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Domestic air travel in Australia with your pet

Australia is an extremely pet-friendly country with a large pet population. Travelling in Australia with your dog or cat is simple; if you are flying with your pet, you can check your pet in as excess baggage. Customers in Australia will need to enlist a pet relocation agent for domestic travel only if they are not travelling on the same flight as their pet dog or cat.

If you are moving cities or thinking of taking your pet on vacation with you, here’s what you need to know about domestic air travel in Australia with your pet cat or dog.

General health

The rule of thumb before any air travel with your pet dog or cat is a visit to the vet for a health check. It is important that your pet is fit and in good health for a comfortable journey. The vet will check that all your pet’s vaccinations are current and treat your pet for internal and external parasites if required.

For domestic air travel in Australia, it is not mandatory to microchip your pet. However, as a best practice, it is recommended to implant a microchip whenever you are travelling with your pet dog or cat. Microchips make it easier to trace lost and stolen pets.

Crate and crate training

Your pet dog or cat will travel to their destination in a travel crate and will be confined in the crate from the time of drop off until you collect them after the flight. It is imperative to purchase the correct airline approved crate for travel.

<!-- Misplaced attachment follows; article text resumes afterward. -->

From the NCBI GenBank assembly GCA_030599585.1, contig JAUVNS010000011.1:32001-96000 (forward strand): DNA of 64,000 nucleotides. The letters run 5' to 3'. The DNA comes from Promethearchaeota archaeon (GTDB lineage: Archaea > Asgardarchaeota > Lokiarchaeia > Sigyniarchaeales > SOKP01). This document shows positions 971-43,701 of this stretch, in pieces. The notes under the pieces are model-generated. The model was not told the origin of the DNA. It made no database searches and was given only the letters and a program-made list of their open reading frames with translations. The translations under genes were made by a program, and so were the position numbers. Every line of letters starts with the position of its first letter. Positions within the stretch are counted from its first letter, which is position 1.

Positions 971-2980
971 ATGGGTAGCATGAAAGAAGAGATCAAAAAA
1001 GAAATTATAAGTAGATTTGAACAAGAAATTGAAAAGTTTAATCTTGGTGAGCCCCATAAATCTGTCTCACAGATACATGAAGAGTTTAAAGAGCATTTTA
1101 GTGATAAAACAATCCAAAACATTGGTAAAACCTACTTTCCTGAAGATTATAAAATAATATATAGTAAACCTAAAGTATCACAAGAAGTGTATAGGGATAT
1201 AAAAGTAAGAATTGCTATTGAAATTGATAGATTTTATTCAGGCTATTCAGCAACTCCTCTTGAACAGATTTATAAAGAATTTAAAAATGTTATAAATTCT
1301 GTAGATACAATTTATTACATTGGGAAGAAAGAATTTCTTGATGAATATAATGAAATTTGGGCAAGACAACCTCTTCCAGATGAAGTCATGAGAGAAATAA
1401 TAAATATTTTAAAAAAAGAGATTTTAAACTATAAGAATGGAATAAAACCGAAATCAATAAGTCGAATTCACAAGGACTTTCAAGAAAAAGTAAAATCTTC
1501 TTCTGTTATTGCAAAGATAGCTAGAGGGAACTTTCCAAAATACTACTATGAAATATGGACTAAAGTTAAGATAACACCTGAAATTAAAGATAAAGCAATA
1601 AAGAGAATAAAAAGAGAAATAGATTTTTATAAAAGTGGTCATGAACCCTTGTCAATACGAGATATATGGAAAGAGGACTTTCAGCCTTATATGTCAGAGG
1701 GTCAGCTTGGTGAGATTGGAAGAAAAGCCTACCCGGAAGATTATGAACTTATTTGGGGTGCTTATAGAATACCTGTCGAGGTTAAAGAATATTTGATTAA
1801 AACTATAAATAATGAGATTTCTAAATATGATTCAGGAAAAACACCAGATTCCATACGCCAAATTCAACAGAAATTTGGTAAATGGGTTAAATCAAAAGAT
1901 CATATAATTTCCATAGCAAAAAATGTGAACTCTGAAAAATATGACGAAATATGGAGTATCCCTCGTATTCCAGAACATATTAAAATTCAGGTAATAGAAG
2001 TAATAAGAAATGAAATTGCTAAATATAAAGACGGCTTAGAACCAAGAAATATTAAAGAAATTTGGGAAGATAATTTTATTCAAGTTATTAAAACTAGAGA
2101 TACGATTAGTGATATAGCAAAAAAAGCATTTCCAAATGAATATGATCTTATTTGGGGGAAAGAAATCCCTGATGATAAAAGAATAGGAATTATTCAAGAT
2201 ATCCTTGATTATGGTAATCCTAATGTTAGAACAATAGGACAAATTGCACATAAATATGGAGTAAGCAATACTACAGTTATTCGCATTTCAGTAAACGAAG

Airline approved IATA compliant crates are available in different sizes; measure your dog or cat from tips of their ears to the base of their paws, and from their snout to rump before buying your crate. The crate must be large enough for your pet to stand up, turn around and lay down comfortably.

Purchasing the crate a few weeks before your date of travel will provide sufficient time for your pet dog or cat to acclimatise in the crate. Due to security reasons, airline officials will not open the crate and bring your pet out after drop off until your pet is handed over to you; hence it is essential that your pet is calm and relaxed in the crate. Begin crate training as early as possible to ensure a smooth flight.

The right flight

Remember to book the flight in advance because most aircraft can accommodate a limited number of pets on the plane in their dedicated pet cargo area. It is recommended that you book your pet’s trip before booking your own; however, if you have booked your flight first, check availability on the flight for your pet before scheduling your pet’s ticket with the airline.

Before booking the flight, it is important to review the pet check-in and pick up locations for your booking. In some airports, the passenger terminals and the pet check-in terminal may not within walking distance from one another. Allow ample time in your itinerary for travelling between the terminals.

The check-in counter usually closes 90 minutes before the scheduled departure of the flight and most airlines do not accept pets more than two hours before the scheduled departure to ensure your pet is not confined in its crate for extended periods of time.